FRANCE has financed a French expert’s visit to support the Philippines in its ongoing pollution-response efforts related to the sinking of MT Princess Empress.
Mikaël Laurent conducted a mission from March 16 to 29 on behalf of Cedre, or the Center for Documentation, Research and Experimentation on Accidental Water Pollution based in Brest, France. He was supported by maritime security advisor Emeric Faure, who works for the Maritime Industry Authority or Marina on behalf of the French government.
Laurent participated in planning meetings with the Philippine Coast Guard (PCG), the Department of Environment and Natural Resources, local authorities, as well as private operators—including the French company Le Floch Depollution. He joined reconnaissance operations and observed coastal clean-up work areas as well as polluted sites, with a view to identify clean-up techniques adapted to the different substrates, and anticipate the parameters for the closure of affected locales.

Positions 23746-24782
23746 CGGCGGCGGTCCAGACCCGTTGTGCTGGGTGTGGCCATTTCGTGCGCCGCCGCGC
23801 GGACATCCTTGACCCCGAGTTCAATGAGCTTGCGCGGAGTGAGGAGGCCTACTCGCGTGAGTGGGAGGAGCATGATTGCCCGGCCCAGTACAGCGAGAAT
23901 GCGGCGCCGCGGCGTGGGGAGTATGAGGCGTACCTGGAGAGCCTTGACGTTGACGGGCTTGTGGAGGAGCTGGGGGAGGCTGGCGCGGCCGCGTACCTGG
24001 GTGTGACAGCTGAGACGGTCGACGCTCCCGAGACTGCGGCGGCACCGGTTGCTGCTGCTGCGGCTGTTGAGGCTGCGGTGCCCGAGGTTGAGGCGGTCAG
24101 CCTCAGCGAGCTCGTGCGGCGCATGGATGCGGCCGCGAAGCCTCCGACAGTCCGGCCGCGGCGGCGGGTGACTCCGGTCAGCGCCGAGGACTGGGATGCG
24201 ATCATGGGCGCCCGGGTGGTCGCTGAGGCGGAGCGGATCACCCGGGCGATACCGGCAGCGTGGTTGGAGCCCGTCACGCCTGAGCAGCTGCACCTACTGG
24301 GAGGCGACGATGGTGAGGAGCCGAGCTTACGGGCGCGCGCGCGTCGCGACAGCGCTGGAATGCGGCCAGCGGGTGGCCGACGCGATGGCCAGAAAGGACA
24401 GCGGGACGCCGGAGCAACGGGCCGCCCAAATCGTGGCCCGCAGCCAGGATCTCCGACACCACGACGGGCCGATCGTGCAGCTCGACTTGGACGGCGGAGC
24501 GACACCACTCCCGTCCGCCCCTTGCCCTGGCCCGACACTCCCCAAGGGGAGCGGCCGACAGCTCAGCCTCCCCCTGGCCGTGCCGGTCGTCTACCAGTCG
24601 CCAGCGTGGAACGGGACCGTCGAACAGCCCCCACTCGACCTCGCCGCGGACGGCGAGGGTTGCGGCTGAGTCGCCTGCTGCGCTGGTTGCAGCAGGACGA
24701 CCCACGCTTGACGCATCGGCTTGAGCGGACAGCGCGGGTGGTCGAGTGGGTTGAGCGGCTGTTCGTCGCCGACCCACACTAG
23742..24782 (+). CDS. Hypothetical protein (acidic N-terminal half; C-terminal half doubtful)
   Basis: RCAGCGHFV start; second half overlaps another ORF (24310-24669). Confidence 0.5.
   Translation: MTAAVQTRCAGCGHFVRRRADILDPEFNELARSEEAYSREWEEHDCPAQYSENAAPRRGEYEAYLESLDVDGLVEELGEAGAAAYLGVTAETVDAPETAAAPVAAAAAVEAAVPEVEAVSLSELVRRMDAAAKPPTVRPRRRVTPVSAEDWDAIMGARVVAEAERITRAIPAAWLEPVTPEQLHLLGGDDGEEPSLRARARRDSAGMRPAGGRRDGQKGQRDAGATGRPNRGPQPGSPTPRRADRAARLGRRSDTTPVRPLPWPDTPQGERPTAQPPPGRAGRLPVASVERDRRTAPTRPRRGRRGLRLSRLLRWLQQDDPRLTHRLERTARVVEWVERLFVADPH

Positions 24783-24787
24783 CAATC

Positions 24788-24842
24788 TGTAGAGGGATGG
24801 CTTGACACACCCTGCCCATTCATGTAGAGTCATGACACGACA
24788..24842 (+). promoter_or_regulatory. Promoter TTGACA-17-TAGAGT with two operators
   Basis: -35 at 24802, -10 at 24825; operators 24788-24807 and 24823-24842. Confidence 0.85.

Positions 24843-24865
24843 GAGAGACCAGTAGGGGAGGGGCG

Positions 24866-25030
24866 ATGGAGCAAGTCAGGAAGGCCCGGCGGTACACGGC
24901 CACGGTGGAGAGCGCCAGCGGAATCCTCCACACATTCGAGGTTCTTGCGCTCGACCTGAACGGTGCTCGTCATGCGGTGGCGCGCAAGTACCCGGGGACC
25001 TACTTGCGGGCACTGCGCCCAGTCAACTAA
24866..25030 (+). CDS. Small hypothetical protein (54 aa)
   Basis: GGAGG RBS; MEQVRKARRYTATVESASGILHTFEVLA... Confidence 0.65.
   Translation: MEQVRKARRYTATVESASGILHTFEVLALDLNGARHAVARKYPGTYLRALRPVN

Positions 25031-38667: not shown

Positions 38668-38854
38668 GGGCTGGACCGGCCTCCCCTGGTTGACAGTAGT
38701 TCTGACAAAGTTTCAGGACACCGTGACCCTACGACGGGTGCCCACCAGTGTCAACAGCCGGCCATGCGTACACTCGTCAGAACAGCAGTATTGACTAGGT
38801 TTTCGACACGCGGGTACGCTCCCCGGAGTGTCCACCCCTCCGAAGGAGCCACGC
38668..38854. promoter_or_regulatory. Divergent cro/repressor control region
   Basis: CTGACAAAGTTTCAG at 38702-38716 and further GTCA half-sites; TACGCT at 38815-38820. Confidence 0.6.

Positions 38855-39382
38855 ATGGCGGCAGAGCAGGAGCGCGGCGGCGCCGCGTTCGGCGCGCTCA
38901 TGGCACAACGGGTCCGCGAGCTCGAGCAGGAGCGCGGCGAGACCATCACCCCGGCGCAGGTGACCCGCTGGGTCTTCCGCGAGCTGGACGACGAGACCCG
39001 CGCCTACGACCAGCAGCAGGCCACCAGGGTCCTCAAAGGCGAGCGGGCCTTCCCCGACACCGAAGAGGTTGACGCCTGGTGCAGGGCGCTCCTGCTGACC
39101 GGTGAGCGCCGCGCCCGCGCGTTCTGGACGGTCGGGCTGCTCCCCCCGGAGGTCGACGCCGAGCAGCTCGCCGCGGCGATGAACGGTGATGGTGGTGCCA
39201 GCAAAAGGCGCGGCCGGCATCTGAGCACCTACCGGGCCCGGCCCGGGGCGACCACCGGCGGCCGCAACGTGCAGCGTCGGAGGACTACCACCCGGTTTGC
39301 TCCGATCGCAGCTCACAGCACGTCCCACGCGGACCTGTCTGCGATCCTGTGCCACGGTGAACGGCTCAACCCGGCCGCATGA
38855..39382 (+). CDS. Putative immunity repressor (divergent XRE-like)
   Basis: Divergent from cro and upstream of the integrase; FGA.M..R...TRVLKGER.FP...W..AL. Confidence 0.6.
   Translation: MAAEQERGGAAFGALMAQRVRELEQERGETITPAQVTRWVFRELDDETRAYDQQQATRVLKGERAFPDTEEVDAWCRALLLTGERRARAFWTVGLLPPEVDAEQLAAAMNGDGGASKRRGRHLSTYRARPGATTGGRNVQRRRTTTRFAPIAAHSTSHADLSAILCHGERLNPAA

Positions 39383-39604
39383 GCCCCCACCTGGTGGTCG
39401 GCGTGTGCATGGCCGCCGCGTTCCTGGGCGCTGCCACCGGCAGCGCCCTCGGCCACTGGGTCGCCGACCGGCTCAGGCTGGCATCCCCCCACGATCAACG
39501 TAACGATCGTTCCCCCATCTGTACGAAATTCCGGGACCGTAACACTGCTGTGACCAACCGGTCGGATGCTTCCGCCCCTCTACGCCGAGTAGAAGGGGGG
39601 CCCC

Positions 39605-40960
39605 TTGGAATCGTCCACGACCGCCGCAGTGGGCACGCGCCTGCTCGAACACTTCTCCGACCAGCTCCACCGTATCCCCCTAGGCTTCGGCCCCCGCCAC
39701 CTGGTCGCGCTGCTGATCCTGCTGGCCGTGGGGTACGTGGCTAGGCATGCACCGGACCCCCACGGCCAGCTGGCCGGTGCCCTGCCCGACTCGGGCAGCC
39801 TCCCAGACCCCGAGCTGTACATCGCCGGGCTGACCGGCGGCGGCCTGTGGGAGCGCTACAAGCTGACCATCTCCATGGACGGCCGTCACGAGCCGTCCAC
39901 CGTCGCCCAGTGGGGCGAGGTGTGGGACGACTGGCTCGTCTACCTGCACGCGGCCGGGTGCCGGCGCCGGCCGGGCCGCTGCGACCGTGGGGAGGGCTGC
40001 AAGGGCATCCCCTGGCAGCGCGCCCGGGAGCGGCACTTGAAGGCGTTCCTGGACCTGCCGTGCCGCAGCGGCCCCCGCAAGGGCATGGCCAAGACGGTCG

The Frenchman advised on selective collection to limit the quantity of waste generated in clean-up operations. He was involved as an observer and technical advisor during response operations at sea, particularly during the deployment of oil containment booms and the recovery of pollutants.
Specifically, the field cooperation enabled a significant improvement in the speed of pumping pollutants onboard the tug Titan 1, which was accompanied by Ladagat. It was also followed by exchanges at institutional level, in particular with the PCG’s Marine Environment Protection Training Institute.
The mission is part of France’s long-term support for the protection of the environment and biodiversity in the Philippines, particularly in the maritime field. It was made possible by funding from the French Development Agency (Agence Française de Développement or AFD) and Expertise France, in the framework of technical cooperation on disaster-risk management.
The United States, Japan and South Korea have also extended similar technical assistance on the oil spill by fielding their set of experts.
Image credits: Embassy of France